“He’s an awesome dude, a great teammate and a great person,” Buck said. “I don’t think anybody’s telling him not to do the things that he does. I think it’s, just don’t let it be the main focus of who you are, because you’re a pretty dang good baseball player. That, for him, I think that should be good enough. And the other good stuff coming out of him, being who he is, should be icing on the cake. It shouldn’t be flip-flopped, which I think it has become.”

I’m not around the team so I can’t say whether or not tweeting had become more of a focus for Morrison than baseball. Maybe it did. All I know is that Morrison was outperforming most of the team offensively, including Buck. I really think many players are jealous of Morrison’s popularity. Additionally, they probably feel threatened by a youngster who is unafraid to speak his mind. Morrison’s proven he’ll go after anyone. Maybe that’s left the veterans somewhat on guard.

Florida Marlins Look Foolish for Demoting Logan Morrison

The Florida Marlins announced one of the most shocking, inexplicable moves of the season Saturday night. The team demoted left fielder Logan Morrison to Triple-A New Orleans hours after batting him third in their lineup against the Giants. The move was stunning for several reasons.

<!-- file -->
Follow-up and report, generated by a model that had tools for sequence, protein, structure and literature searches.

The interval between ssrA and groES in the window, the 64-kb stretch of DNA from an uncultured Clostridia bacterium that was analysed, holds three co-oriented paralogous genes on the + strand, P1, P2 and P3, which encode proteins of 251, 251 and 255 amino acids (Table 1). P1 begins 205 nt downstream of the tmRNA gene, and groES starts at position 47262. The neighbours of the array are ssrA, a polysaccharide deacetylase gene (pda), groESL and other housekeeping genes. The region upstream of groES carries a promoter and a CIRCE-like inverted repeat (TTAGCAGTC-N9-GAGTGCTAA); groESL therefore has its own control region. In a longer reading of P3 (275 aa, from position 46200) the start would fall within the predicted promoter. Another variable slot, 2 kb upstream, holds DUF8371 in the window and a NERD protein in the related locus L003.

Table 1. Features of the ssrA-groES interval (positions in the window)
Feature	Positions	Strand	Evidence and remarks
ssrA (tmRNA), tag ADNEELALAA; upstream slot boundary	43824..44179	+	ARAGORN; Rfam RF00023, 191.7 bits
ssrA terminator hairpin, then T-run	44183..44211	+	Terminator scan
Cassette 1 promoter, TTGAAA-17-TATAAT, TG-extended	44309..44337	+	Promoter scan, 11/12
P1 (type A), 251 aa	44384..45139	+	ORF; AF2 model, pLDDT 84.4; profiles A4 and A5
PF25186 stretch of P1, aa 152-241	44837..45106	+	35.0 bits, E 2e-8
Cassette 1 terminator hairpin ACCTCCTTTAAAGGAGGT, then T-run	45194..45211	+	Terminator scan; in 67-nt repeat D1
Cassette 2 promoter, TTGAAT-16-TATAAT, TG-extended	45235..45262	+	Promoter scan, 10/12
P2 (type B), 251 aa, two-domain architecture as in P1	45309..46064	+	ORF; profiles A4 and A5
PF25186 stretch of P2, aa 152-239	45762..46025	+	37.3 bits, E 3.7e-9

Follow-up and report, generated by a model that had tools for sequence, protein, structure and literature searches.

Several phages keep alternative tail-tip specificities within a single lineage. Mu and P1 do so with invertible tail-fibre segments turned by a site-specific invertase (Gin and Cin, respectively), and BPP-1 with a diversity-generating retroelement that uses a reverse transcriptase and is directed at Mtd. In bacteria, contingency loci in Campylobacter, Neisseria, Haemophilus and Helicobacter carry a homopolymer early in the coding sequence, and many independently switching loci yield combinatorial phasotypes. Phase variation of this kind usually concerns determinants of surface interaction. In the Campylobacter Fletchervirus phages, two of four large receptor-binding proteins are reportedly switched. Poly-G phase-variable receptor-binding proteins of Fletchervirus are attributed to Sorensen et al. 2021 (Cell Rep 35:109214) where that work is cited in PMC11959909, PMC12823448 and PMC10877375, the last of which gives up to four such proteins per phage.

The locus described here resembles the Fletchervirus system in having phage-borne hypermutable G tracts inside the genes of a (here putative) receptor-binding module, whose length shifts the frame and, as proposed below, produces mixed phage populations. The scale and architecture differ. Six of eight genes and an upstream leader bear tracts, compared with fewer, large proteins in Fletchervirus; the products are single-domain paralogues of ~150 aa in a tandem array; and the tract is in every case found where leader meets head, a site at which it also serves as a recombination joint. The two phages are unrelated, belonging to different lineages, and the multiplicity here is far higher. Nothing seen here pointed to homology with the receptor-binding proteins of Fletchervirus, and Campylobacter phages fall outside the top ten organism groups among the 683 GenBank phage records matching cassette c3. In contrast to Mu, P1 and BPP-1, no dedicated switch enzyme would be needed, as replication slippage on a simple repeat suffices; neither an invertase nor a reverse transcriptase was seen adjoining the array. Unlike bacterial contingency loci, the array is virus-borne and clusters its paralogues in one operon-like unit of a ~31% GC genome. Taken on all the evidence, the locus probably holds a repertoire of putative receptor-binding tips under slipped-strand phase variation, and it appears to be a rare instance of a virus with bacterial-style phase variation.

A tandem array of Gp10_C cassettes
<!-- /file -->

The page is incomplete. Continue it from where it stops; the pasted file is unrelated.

Although Morrison was hitless Saturday, he had two hits in each of the previous two games. He was second on the team with 17 home runs, third with 60 RBIs, and second with a .791 OPS. Yes, the Marlins sent one of their best hitters down to Triple-A to work on things.

Sure, Morrison struggled in June and July after getting off to a scorching start in April and May. His batting average had dropped to .249 and he struggled in the field, but he had plenty of time to turn it around. It’s apparent the demotion was due to several factors, very few of which related to baseball. In short, the Marlins wanted to teach him a lesson about falling in line.